This “Robotic Fabrication and Assembly Processes: Prototyping Construction Tools” design option studio (Fall 2019) investigated strategies for robotically-assisted construction processes combining conventional and emerging material technologies. Specifically, it focused on designing and prototyping of the task-specific robotic end-effectors (custom fabrication tools) for the ABB 4600 robotic arm. Students worked with embedded components (sensors, actuators, and microcontrollers) to design automated toolsets capable of performing particular construction assembly/fabrication tasks. These tasks mimicked human-labor abilities and proposed novel ways of assembling architecture. Students also used these custom-designed end-effectors with the robotic arm to produce simple construction assemblies.
The outcomes of the studio included a series of construction assemblies produced with student-designed end-effectors, functional prototypes of the end-effectors, and the documented demonstration of the robotic construction abilities. The student work was also covered by the Study Architecture blog and NJIT News.
Brick Laying End Effector
The project team: Meraj Nasi, Jalaysia Stevenson, and William Hall developed two end-effector modules (brick grippers) that were integrated with the (1) RGB color sensor and (2) radio frequency identification (RFID) sensor. These gripper enhancements allowed for more targeted selection and manipulation of bricks and construction components by being able to recognize and track individual bricks.
The team’s interest in working on a conventional brick assembly using unconventional tools and techniques originated from the observation that the brick laying jobs are highly labor demanding with a significant impact on workers’ health and well-being. To expand on the current state of the robotic construction approaches, not to replicate it, the team propose and integration of various sensors with conventional pneumatic grippers.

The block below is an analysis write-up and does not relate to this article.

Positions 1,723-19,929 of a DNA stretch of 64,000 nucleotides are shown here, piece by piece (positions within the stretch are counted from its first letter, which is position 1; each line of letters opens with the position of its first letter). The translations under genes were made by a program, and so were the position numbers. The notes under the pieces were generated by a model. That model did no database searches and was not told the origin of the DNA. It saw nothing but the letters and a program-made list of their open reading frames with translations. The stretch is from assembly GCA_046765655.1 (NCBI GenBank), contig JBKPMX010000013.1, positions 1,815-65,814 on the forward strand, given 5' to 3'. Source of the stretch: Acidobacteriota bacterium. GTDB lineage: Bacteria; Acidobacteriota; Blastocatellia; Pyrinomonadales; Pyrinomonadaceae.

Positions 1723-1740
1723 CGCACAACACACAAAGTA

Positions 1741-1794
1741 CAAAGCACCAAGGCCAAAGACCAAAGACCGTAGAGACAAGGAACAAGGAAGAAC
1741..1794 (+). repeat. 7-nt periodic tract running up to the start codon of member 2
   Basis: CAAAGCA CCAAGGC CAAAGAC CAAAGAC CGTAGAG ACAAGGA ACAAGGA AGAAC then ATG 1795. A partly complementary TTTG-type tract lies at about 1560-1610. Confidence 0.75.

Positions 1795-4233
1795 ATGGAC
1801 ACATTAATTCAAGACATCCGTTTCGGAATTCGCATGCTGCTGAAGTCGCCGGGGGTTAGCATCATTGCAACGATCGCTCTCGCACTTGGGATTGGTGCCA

Dry stacking of wooden bricks
What’s New About This End Effector?
Students Jalaysia Stevenson NJIT’21 (left) and Meraj Nasi NJIT’21 (right) discuss their design for the color-sensing brick laying end effector. The TCS34725 RGB sensor allows the robotic arm to recognize components of a specific color or the range of colors.
An TCS34725 RGB color sensor was used to enable the gripper to distinguish between brick colors using Kelvin scale. In this video students test various color chips to set up appropriate tonal ranges for bricks. An RGB color sensor controls deployment of the gripper. In this video, the reddish color is set to actuate a pneumatic actuator. Other colors will not trigger the end effector.
The end-effector test deployed on the ABB 4600 robotic arm demonstrates color-based gripper actuation.
Stacking Patterns: Forms
Stacking Patterns: Geometry
End Effector: Design + Components
Clay Extruding End Effector
Project team: John Braun, Renzo Eseo, and David Skup NJIT’20 have developed pneumatically-powered clay extruder/3D-printing end effector. The team would like to extend sincere gratitude to Ms. Toni Boccanfuso for help with firing clay panels and providing guidance with clay glazing and processes.
Processes and Products
The first step in preparing for a clay extrusion exercise was to level the printing bed and test the pattern with a ball pen.
This video demonstrates clay 3D printing as a single layer deposition with a pattern interlocking to increase the structural strength of the final panel as well as to reduce panel deformations associated with the initial drying of the raw clay material. This is an clay extruding head close up video showing the speed and relative distances of between the depositing tip and the panel base.
Clay Extrusion: Components
Clay Extrusion: Material Preparation
Clay Extrusion: Practices and Considerations
Vincent Hu and Patrick Quinn researched robotically-controlled uncured concrete and plaster injections to shape surface expressions and material consistency as part of the Robotic Fabrication and Assembly Processes project.
Outcomes: Panels and Surfaces
Facade Panel Thermoforming
Ramez Hanna, Angela Micevska, and Steve Vivar developed robotically-controlled thermo-forming process for mass-customized facade panels as part of the Robotic Fabrication and Assembly Processes project.